Tkinter, wxPython, PyGtk, or PyQt...

Benjamin musiccomposition at
Thu Nov 29 04:54:09 CET 2007

John Jameson wrote:
> hi carl,
> I'm totally new with graphics for python. I'm using windows, but you
> make it sound like I need to know how to program with MFC to use them?
> Is this true? Can't you just stay in python?
Yes, all of the libraries below let you stay in Python. (They have
binary backends, though.)
> best,
> John
> I would like like to start doing some GUI-programming in Python, but don't
> know which library to choose.
> Tkinter seems a bit old. Correct me if I am wrong! The layout doesn't look
> as nice as for the others.
Yes, and it's not very powerful. However, it's really easy to use and
bundled with every Python installation. I like to use it for little
internal projects.
> wxPython seems to be the first-hand choice for people doing W32-programming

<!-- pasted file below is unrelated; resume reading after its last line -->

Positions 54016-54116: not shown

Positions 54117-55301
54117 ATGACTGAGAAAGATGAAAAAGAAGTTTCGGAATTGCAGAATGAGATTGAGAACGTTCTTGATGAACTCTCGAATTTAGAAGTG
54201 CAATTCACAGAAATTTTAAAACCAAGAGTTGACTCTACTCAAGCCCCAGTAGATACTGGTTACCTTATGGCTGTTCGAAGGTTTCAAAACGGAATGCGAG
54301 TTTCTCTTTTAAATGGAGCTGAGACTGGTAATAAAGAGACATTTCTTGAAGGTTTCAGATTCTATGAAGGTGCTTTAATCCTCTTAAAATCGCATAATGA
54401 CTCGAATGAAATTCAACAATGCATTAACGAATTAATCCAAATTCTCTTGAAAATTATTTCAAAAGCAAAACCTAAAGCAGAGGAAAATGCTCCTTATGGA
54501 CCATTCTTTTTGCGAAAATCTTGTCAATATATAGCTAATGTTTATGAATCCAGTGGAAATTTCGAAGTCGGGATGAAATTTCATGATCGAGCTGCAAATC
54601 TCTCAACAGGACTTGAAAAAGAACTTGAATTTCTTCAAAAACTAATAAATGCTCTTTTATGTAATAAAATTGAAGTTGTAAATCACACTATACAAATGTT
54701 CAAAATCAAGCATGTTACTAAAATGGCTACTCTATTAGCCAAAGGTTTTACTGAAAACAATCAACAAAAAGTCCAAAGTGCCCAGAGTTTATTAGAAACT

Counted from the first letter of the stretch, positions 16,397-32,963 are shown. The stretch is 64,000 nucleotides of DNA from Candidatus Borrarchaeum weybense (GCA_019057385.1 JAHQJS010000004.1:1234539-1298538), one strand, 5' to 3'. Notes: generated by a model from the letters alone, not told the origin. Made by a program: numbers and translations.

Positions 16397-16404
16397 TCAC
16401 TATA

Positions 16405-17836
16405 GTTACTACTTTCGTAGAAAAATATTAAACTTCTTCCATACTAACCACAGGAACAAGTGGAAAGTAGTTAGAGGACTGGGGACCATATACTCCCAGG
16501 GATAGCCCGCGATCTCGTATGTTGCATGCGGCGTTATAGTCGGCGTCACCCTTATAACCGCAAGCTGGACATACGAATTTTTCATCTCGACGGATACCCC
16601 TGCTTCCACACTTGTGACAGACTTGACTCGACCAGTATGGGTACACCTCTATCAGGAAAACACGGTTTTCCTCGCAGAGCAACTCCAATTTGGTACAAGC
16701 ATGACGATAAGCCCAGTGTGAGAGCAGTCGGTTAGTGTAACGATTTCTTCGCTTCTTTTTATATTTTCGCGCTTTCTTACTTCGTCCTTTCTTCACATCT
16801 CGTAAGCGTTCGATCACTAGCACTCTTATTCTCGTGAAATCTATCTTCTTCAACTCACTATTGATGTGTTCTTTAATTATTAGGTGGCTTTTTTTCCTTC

> (with MFC-experience).
I started out with this kit until I discovered PyQt (and realized the
docs were all C++)...
> PyGtk seems to be a modern, very clean and nice approach, but with poor
> W32-support. Is PyGtk a mature library with respect to version stability
> and documentation.
I wouldn't know.
> PyQt is a huge library (thanks to Qt), but not free on W32, or?
All versions of Qt4 are available under GPL for Mac, X11, and Windows.
It's big, but very powerful. I have found it to work well on all 3
platforms. The documentation, in my opinion, the most important part,
is super. It's very easy to extend and make your own widgets. The only
thing I find rather clumsy is the I18N support. Pick this toolkit if
you're going to do any serious development.
> Is there any possibility that any of the above-mentioned libraries will be
> included as a standard library in any of the near-future Python
> distributions?
Not really
> I myself program on W32 at work, but use Linux at home. So, which one should
> I start with in order to reduce the effort of learning something new and to
> be productive in the shortest time possible?
Tkinter will get what you want done fast, but PyQt is much more
> By the way, how do I most easily include plotting capabilities to my
> Python-apps?
> Carl

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